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I have data stored in a HashMap, which I want to access via multiple threads simultaneously, to split the work done on the items.

Normally (with a List for example) I would just give each thread an index to start with and could easily split the work like this:

for(int i = startIndex; i < startIndex+batchSize && i < list.size(); i++)
{
    Item a = list.get(i);
    // do stuff with the Item
}

Of course this doesnt work with a HashMap, because I can't access it via an index.

Is there an easy way to iterate only over a part of the map? Should I rather use another data structure for this case?

I read about SortedMap, but it has too much overhead I dont need (sorting the items). I have a lot of data and performance is crucial.

Any tips would be highly appreciated.

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How would you want the map partitioned? –  skaffman Jul 10 '11 at 22:16
    
Not sure I get the question. :) I would want the map partitioned into as many parts as the number of threads I have (8 for example). The partioning should not be a costly operation if possible in any way. –  atticae Jul 10 '11 at 22:19
    
define a lot of data ... –  Jarrod Roberson Jul 10 '11 at 22:25
    
atm I am working with 100.000 entries, but its really open-ended. the algorithm should scale well with larger sizes too. –  atticae Jul 10 '11 at 22:41
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4 Answers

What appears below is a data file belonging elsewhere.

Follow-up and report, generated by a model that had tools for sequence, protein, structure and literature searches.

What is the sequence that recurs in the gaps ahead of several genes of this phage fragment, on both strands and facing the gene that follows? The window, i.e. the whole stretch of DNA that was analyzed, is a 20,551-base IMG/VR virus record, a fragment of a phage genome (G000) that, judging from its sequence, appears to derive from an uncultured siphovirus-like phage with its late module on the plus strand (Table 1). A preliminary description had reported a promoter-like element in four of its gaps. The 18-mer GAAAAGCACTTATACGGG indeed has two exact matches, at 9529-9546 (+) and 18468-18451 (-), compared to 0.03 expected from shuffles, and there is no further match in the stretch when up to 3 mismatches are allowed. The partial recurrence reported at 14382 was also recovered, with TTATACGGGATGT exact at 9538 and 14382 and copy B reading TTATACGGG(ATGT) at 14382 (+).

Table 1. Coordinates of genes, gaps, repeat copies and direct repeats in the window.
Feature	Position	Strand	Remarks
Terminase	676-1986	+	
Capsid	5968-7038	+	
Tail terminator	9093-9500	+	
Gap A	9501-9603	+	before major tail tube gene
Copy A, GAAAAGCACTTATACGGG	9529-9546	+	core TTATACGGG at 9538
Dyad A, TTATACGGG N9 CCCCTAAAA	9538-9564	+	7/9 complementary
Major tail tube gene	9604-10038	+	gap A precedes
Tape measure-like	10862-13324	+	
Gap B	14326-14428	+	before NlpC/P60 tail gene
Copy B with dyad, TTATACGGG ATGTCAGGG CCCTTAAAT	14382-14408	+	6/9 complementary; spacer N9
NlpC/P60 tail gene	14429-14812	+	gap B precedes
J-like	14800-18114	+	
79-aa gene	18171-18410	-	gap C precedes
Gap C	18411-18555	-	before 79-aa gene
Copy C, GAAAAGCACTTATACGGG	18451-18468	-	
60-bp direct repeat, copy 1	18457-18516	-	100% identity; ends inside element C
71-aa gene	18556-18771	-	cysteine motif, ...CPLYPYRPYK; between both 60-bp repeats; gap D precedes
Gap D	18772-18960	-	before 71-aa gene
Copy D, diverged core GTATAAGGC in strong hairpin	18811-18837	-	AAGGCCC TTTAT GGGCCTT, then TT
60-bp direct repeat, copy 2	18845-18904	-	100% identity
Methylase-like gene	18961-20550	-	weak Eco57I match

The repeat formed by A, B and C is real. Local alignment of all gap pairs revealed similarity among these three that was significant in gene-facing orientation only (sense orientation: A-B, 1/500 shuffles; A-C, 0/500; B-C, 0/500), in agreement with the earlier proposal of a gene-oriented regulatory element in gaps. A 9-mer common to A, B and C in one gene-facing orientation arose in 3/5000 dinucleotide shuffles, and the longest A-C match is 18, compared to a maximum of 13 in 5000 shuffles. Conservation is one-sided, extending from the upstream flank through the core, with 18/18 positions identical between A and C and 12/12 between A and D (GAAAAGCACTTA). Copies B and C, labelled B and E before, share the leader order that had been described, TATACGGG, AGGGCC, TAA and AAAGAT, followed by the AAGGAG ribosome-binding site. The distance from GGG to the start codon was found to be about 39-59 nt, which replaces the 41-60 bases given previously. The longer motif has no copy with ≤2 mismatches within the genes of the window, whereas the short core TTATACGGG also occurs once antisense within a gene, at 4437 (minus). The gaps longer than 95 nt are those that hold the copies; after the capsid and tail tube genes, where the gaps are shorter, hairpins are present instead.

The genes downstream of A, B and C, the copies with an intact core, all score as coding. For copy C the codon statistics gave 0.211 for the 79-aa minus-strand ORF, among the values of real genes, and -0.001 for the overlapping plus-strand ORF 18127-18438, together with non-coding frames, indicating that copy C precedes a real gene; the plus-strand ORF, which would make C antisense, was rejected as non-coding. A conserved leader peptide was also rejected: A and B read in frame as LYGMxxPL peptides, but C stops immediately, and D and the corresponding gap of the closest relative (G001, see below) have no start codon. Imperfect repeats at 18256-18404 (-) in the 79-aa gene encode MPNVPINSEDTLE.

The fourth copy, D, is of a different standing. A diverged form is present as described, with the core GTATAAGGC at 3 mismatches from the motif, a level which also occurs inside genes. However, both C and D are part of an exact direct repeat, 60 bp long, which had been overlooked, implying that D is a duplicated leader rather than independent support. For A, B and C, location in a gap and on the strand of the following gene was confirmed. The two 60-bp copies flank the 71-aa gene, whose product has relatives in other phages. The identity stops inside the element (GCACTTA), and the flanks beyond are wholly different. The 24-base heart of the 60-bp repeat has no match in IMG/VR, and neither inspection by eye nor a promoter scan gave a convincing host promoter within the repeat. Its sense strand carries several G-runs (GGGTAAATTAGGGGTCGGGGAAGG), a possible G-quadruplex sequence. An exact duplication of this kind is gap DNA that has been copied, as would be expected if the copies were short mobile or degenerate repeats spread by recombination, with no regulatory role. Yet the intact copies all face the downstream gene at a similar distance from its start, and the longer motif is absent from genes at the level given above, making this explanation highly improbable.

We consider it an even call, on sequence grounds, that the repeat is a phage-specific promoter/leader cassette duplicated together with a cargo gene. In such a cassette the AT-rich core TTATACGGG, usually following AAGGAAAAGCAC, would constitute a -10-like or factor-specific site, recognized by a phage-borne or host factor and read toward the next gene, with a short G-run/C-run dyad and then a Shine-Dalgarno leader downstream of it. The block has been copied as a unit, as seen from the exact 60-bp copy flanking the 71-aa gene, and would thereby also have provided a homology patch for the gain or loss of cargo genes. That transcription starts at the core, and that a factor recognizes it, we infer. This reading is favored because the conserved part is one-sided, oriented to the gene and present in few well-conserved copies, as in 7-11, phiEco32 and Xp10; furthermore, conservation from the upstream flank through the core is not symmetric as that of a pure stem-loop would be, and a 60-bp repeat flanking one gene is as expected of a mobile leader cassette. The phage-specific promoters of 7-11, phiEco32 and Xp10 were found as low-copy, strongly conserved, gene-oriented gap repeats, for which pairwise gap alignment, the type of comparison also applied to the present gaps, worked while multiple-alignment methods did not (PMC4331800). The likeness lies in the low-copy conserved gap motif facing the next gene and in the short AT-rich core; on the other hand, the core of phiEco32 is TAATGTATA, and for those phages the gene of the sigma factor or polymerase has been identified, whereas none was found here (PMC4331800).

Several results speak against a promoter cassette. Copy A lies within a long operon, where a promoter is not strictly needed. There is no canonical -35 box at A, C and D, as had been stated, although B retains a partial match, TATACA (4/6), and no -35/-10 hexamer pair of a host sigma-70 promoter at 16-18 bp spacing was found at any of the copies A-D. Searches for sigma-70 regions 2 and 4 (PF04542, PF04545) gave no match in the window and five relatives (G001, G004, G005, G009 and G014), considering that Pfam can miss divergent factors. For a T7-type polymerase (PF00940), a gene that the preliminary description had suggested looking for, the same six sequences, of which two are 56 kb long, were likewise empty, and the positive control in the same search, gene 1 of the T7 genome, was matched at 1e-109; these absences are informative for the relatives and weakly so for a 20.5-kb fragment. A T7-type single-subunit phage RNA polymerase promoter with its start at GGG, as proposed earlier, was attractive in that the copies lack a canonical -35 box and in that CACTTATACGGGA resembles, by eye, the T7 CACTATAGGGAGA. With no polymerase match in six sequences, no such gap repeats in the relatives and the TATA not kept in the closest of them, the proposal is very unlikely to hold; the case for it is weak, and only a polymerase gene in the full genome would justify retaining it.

up vote 1 down vote accepted

If you only do the traversal a few times, or if the map doesn't change you could get a Set of keys, and then send that to an array. From there its pretty much your normal method. But obviously if the HashMap changed then you would have to do those two operations over again which could get very costly.

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Luckily the HashMap will not be changed by the threads. Your method sounds good, assuming that the toArray() method is cheap. Will give that a try and see how good the performance is, cheers. –  atticae Jul 10 '11 at 22:26
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Unless your map is enormous, the cost of iterating over a map is small compared with the cost of starting a task on another thread and trivial compared with the work you intend to do.

For this reason, the simplest way to divide up your work is likely to be turn the Map into an Array and break that up.

final Map<K, V> map =
final ExecutorServices es = 
final int portions = Runtime.getRuntime().availableProcessors();
final Map.Entry<K,V>[] entries = (Map.Entry<K,V>[]) map.entrySet().toArray(new Map.Entry[map.size()]);
final int portionSize = (map.size() + portions-1)/ portions;

for(int i = 0; i < portions; i++) {
    final int start = i * portionSize;
    final int end = Math.min(map.size(), (i + 1) * portionSize);
    es.submit(new Runnable() {
        public void run() {
            for(int j=start; j<end;j++) {
               Map.Entry<K,V> entry = entries[j];